Dangers of a medical board investigation: How to protect yourself


“There are a lot of ways doctors get into trouble,” said Edward Dauer, MD, a radiologist who served on the Florida board for 11 years.

Investigations often expand beyond their original scope into all aspects of a practice. “Once you’re on their radar, they can find something,” Dr. Sullivan said.

All punitive actions taken by state boards are reported to the Department of Health & Human Services’ National Practitioner Data Bank, which is accessible to all state boards. Sanctioned physicians who set up practice in another state often find that their new home has adopted the sanctions leveled by the original state, something boards can do without conducting their own investigations.

“For doctors, discipline is forever. It never goes off your record,” Dr. Dauer said.

In addition, Medicare, Medicaid, and private insurers can exclude disciplined physicians, which can cripple a practice’s finances. So what can doctors do to avoid problems with the boards?

Don’t do anything wrong

That sounds glib and obvious, but many physicians get into trouble by unwittingly violating state medical regulations regarding such things as CME, insurance requirements, failure to notify the board of address changes, and personal relationships with current or former patients.

“The best advice to avoid these issues is to do a Google search for the Medical Practice Act in the state in which they practice,” said Dr. Sullivan. He noted that doctors should regularly check for changes in regulations.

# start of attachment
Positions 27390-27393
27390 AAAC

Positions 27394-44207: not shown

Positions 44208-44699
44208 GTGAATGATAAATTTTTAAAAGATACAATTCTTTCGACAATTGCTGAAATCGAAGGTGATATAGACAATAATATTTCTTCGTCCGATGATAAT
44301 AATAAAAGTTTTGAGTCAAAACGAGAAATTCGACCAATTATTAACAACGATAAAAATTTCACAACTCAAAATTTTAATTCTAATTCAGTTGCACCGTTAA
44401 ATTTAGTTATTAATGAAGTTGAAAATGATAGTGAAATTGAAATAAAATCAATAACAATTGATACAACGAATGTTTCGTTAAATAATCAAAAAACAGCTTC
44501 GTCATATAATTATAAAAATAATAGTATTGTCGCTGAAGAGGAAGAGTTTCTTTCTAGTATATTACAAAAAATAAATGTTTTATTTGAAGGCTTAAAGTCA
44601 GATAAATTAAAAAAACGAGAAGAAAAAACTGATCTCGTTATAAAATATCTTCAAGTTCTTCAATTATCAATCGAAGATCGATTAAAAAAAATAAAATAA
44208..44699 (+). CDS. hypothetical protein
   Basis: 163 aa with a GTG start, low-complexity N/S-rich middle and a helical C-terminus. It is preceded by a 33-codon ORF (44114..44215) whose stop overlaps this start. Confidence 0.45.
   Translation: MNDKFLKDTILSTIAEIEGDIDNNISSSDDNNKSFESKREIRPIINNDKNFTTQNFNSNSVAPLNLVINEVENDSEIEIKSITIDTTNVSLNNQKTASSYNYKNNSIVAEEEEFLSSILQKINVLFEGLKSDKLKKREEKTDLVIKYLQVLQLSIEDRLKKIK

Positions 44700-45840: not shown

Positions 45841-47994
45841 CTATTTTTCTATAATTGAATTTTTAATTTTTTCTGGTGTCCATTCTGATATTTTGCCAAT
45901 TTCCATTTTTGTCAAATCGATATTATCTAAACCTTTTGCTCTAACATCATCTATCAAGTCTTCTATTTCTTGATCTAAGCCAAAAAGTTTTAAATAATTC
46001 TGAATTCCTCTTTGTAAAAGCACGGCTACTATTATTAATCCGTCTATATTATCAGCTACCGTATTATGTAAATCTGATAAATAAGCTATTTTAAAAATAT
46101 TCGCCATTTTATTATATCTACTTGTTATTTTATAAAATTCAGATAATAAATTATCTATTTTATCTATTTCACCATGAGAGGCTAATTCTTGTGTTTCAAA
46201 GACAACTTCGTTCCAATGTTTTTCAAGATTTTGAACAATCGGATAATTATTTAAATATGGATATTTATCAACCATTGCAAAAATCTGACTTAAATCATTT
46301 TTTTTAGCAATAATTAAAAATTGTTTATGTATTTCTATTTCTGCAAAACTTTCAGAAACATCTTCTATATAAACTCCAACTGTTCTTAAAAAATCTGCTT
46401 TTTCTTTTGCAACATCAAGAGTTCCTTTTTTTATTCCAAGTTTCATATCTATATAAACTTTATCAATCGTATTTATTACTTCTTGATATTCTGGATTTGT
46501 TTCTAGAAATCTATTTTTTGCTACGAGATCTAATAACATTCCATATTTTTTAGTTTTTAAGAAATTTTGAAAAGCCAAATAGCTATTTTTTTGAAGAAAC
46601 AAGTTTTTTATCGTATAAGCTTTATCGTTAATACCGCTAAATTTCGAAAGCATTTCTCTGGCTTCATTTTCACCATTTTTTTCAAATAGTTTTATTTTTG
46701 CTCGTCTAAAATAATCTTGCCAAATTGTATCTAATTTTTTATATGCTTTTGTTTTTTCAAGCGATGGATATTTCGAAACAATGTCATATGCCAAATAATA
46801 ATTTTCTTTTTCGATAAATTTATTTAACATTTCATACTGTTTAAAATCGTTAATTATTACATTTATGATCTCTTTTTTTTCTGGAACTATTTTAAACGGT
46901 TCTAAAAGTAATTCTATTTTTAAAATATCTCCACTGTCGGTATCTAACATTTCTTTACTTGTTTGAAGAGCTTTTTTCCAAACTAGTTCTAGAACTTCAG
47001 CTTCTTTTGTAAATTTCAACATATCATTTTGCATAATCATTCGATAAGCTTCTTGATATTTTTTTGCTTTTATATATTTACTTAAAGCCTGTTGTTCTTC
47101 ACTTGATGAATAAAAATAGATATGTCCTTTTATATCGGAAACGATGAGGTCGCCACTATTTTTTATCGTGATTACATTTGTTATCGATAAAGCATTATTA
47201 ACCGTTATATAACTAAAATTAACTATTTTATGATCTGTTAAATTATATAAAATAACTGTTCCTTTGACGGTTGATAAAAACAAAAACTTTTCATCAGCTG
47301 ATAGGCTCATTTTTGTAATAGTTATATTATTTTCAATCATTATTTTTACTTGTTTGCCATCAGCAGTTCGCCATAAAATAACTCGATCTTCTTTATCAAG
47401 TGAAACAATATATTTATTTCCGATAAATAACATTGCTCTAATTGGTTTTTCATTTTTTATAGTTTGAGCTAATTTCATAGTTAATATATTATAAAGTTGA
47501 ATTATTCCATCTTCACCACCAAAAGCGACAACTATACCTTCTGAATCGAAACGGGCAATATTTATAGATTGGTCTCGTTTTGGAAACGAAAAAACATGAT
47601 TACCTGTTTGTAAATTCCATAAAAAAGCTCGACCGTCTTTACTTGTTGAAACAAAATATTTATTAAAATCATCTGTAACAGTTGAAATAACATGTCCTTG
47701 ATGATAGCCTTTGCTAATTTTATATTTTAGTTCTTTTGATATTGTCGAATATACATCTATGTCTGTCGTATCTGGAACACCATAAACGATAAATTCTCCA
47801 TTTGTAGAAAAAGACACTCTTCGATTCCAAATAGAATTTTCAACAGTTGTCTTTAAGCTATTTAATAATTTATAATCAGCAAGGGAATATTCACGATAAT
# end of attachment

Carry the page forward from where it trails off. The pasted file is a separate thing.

Keeping on good terms with colleagues and patients also helps, he said, noting that many complaints stem from personal disputes and grievances.

But what if a physician becomes the subject of an investigation? What should they do?

Take any complaint seriously

Too many physicians dismiss investigations initially. “Some people have the wrong idea that if they ignore it, it will go away. It won’t go away,” Dr. Sullivan said.

Whether the initial contact comes through a letter or a visit from a board investigator, it should be treated with urgency. Ohio attorney Beth Collis said one client angrily scrawled one-word answers with a Sharpie on the questionnaire he was mailed – answers he was stuck defending throughout the rest of the investigation. Other doctors have ordered investigators out of their offices – another mistake. Failure to cooperate can result in an immediate license suspension.

“They should be speaking to these investigators like they were talking to a highway patrolman on the side of the road. They hold all the cards,” said Ms. Collis, who specializes in representing professionals before licensing boards.

Some physicians mistakenly assume that because their state board is made up mostly of fellow doctors, they will be able to make a complaint go away with some collegial chat.

Not so. “Medical board members see themselves as protecting the public. They’re very punitive,” Ms. Collis said.

At one time, state boards might have been lax in their supervision of physicians, but that changed in the 1980s when the watchdog group Public Citizen began ranking state medical boards by how effective they were in policing doctors.


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